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3D camera system could revolutionise safety technology

01 January, 2007

3D camera system could revolutionise safety technology

Pilz and DaimlerChrysler have collaborated to develop a three-dimensional safety technology that, they predict, will change the way we monitor and protect machinery. The SafetyEye system, which made its debut at the recent SPS/IPC/Drives show in Germany, is based on an array of three cameras that look down at an installation and detect any movements of the machinery or personnel in 3D. The images are analysed by a PC and if a potentially dangerous situation arises, the PC triggers a safety control system to take the appropriate protective action.

The claimed attractions of the technology include:

the ability to operate machinery safely without restrictive physical barriers;

minimising the possibility of over-riding, or tampering with, the safety system; and

the ability to combine warning and detection zones in complex 3D arrangements that are defined on the PC and can be altered easily, if needed.

The system`s potential applications range from guarding robots, packaging equipment and machine tools, to providing access protection for buildings and monitoring museum exhibits.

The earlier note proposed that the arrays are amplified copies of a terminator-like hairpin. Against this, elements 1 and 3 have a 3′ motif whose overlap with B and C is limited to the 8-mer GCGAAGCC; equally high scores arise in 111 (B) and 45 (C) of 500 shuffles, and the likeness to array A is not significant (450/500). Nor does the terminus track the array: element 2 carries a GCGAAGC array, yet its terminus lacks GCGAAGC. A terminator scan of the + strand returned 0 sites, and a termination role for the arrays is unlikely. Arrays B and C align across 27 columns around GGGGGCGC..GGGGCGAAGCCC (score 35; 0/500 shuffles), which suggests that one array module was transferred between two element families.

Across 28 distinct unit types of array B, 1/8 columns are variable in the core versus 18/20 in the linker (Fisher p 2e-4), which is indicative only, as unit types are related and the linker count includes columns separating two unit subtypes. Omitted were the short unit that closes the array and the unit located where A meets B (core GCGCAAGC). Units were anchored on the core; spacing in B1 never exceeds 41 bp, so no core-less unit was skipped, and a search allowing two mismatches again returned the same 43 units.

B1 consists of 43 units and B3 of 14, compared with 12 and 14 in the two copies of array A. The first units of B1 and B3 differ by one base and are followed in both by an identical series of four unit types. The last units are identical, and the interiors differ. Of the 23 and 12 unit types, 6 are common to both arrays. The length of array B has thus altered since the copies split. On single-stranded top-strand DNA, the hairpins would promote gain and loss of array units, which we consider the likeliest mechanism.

"Camera-based image processing will revolutionise optical sensor technology," predicts Pilz`s managing partner, Renate Pilz, "and not only in the industrial sector."

Violating a detection zone will not automatically lead to an emergency stop. The PC can determine how long it would take the moving machinery to reach a person who has entered the zone and, if there is enough time, it can slow the machinery down and warn the intruder. If the person then leaves the zone, the machinery can return to its normal movements, minimising disruption. Only if the person enters a danger zone, will a full emergency stop be implemented.

Pilz says that the new system will take a few hours to install and configure, compared to the day or more it can take to set up and check conventional protective devices. Robot installations, for example, often require a complex combination of safety fences, 2D light grids, laser scanners and limit switches. And when danger is sensed, the robot is brought to an immediate emergency stop, and can be time-consuming to restart.

Researchers at Pilz and DaimlerChrysler had been working independently on similar ideas which they then combined to produce the SafetyEye. DaimlerChrysler contributed the sophisticated 3D image-processing algorithms used to track objects, while Pilz adapted these algorithms for industrial use, and developed the practical camera-based safety system.

At least one other German safety specialist is known to be developing a similar 3D camera system.

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